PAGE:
Thursday, July 29, 2010

Happy Birthday

You invited me to share your big day with Artess and Elton John at Lake Tahoe, but I was committed to Hollywood and G'ma and the wedding instead.  In the planning and execution of traveling I became consumed with my own issues and forgot about you.  Entirely.  Never crossed my mind.  Vanished into the mushy ether that passes for my brain at times.  Then I woke up to the real world and there you were, not remonstrating, not feeling hurt, not wondering where I was.  Nope, as usual, you were just smiling, watching me go about my business, knowing that I'd come back to you in time.

So here I am.  In public, because you are just that special and the world ought to know about you.  I thought about interviewing you, because some of my favorite bloggers do just that with the people they want to share with others.  But I decided to spread the word myself.  Not that you hide your light under a basket.  Hardly.  But I thought that you might like to see how swell I think you are.  Consider it my birthday present.

When you first crossed my consciousness we were new to Marin.  Reading your newsy letters home to the parents in your PTA, I was stunned.  Stopped dead in my tracks in my new kitchen, wondering how the school had found a real author to pen these usually dreary tracts.  You were smart and funny and respectful and informative and I found myself actually looking forward to the newsletters.  

Being who I am, it never crossed my mind that we could be friends.  You traveled in rarefied circles.  You wore fascinating jewelry and your own style of fashionable, artistic, unusual clothing with which I could never compete.  You were confident and poised and talented and I was new.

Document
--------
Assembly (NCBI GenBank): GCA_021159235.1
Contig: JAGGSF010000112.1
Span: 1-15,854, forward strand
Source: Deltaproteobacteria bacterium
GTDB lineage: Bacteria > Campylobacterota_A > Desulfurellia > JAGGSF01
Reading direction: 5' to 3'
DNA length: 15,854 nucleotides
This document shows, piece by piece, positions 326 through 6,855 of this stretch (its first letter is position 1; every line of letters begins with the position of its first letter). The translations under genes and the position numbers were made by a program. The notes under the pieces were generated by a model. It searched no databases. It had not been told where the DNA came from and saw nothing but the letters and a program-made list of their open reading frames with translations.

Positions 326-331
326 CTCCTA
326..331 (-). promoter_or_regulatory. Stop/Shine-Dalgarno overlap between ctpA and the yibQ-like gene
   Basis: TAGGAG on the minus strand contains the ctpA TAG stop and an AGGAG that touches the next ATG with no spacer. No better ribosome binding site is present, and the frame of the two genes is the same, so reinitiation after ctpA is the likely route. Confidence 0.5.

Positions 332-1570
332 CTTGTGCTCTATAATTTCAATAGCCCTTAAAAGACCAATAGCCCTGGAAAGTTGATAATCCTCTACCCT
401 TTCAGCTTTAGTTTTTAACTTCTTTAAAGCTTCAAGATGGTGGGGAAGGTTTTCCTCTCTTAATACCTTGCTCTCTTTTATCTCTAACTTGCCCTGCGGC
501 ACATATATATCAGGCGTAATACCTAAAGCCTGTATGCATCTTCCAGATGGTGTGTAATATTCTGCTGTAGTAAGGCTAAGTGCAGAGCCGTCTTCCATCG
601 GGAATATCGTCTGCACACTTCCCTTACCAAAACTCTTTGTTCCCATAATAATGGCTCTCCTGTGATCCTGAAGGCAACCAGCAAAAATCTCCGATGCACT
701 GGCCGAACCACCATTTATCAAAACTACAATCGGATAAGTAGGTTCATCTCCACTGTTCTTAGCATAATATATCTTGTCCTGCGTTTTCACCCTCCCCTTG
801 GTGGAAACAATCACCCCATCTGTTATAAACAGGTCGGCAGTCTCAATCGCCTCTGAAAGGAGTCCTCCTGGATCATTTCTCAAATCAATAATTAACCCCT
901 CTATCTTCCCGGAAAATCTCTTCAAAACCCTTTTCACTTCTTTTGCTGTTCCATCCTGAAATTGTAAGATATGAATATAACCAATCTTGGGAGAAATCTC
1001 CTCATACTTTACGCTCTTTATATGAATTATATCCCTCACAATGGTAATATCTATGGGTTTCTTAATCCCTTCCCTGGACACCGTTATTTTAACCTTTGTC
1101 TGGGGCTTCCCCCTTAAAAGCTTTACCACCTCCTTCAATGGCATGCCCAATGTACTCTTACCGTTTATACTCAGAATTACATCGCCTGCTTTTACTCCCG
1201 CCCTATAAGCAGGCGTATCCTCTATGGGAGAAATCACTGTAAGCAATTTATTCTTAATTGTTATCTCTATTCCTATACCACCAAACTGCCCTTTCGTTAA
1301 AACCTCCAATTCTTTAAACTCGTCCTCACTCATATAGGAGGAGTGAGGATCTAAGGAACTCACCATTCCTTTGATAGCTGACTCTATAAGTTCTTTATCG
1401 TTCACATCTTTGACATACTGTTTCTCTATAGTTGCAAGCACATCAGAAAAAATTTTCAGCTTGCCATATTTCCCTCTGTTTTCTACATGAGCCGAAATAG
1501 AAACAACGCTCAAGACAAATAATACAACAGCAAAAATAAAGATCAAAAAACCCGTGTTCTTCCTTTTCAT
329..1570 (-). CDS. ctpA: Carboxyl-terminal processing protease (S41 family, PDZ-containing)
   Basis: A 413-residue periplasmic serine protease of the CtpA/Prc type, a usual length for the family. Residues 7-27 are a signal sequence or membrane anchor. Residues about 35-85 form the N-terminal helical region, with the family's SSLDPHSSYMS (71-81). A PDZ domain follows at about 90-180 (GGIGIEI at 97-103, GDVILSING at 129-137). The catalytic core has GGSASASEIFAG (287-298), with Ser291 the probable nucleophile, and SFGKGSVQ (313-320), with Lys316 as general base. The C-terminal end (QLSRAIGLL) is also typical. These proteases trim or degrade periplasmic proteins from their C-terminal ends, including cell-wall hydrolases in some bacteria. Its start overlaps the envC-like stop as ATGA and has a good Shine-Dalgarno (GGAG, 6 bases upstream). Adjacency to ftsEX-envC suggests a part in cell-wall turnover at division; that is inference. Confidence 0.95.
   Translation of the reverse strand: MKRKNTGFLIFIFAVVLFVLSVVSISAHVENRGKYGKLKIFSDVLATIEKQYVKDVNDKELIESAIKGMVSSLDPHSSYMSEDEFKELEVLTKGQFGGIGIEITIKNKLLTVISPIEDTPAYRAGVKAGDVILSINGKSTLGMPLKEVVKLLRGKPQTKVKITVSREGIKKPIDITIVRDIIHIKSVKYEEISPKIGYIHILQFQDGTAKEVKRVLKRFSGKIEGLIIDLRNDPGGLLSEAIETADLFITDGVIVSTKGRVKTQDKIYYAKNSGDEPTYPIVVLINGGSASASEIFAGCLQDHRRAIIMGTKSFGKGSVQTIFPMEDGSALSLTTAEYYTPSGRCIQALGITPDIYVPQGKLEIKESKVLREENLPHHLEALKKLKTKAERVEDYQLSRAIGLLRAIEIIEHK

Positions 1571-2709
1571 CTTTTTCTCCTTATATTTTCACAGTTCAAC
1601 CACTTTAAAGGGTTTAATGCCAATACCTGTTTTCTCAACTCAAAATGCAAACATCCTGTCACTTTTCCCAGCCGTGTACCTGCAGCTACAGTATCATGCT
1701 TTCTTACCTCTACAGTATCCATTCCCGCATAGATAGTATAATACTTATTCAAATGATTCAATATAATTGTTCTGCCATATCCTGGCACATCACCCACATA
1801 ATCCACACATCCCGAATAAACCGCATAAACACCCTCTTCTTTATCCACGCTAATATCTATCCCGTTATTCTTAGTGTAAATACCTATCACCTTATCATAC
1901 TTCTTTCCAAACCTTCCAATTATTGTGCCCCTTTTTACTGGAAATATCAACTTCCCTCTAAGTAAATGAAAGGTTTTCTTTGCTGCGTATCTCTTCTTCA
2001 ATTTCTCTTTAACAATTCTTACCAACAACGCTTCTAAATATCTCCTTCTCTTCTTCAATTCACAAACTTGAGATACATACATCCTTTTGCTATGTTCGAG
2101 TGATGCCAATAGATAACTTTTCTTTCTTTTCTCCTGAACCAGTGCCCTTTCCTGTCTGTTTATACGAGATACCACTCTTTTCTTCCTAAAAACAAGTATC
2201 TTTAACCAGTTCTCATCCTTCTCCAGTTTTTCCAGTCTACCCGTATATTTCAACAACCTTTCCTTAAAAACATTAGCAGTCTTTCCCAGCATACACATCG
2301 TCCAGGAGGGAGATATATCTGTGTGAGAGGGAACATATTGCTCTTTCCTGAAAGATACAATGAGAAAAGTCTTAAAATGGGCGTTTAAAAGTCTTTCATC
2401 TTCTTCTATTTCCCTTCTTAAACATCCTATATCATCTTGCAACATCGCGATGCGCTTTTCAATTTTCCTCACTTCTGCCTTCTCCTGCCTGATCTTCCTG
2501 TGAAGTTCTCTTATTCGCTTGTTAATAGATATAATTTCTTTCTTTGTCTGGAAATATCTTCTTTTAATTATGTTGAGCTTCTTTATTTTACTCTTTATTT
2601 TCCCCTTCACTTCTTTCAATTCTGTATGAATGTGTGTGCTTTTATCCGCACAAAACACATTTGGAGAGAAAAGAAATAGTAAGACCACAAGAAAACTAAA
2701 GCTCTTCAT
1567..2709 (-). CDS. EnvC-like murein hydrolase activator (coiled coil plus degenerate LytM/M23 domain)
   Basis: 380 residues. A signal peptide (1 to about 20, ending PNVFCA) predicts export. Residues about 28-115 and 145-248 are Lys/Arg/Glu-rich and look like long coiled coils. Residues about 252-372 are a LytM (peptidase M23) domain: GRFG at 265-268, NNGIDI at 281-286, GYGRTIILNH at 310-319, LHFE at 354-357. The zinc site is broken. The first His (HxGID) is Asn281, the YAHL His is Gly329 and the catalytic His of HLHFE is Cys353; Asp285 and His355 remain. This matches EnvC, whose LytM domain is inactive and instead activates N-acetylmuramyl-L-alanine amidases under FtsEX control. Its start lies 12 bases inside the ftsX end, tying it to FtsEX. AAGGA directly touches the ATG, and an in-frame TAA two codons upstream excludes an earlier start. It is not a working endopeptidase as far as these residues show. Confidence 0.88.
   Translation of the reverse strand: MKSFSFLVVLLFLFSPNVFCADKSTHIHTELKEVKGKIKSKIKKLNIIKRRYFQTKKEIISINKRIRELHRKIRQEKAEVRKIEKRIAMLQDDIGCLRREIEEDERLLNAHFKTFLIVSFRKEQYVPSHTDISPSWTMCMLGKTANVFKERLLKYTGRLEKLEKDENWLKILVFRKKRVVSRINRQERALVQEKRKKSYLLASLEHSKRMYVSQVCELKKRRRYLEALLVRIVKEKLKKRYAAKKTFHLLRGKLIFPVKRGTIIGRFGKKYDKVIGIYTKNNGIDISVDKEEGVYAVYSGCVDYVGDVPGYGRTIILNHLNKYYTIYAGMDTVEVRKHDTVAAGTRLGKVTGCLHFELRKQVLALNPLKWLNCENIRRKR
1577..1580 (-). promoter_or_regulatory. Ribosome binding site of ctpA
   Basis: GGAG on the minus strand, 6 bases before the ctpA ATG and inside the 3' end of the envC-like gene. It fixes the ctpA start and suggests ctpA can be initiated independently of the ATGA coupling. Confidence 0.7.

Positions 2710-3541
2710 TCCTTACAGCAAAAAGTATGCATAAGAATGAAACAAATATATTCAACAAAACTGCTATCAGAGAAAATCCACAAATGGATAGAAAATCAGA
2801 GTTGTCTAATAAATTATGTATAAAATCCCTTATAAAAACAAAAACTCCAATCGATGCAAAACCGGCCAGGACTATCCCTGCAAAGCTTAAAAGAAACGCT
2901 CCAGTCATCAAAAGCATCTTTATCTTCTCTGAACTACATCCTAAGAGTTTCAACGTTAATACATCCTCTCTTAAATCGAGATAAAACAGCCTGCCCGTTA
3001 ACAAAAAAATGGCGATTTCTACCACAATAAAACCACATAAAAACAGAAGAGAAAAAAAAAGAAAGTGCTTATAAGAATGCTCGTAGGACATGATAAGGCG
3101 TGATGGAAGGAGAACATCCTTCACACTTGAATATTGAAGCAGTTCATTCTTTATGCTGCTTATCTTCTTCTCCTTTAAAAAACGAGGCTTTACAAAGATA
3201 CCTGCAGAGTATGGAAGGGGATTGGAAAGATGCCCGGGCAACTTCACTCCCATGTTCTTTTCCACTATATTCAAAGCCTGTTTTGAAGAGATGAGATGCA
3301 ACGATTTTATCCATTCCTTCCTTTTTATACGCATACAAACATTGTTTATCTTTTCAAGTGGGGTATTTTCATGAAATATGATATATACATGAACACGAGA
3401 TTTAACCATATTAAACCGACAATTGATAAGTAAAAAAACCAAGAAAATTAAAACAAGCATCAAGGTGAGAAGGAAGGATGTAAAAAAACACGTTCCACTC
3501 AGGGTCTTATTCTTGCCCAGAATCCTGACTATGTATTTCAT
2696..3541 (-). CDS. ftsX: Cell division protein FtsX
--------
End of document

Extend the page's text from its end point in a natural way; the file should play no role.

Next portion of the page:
Was it through mutual acquaintances or school committees or NCL that our nodding-as-we-passed-on-the-street relationship changed to a close-as-girlfriends-can-get friendship?  Perhaps it was the baby shower for my new next door neighbor to which you invited me so that I could meet the people on my new street.  The best street in town, on which you had the best house, with the perfect view and which, you know, I wanted to buy if you ever sold it.  The collapse of the housing market and the stock market put the kibosh on that plan, but I honestly think that we bonded over that building, which you created over time and with love and which reflected the very best pieces of your family.  Open, expansive, warm and inviting, the table set for the next meal, reminding everyone that you spent time together, that you were involved in each others lives, that the giant calendar on the even bigger refrigerator, color coded for kids and parents was more than a who goes where when reference...  it was your way of knowing where your hearts were.  Your kitchen made me smile for many reasons beyond the absolutely amazing shallow drawer under your cook top, the one with slots for your knives.  

You were a Daddy's Girl and now you're a Mom's Caretaker and though our stories are different in the details we share the emotional tugs.  We're trying to live our own adult lives while watching and managing and supervising and worrying and crying and sighing over the women who used to do the same for us.  Whatever our relationships with them were in the past, right now we are their first line of defense.  It helps to have someone who knows both sides of your equation.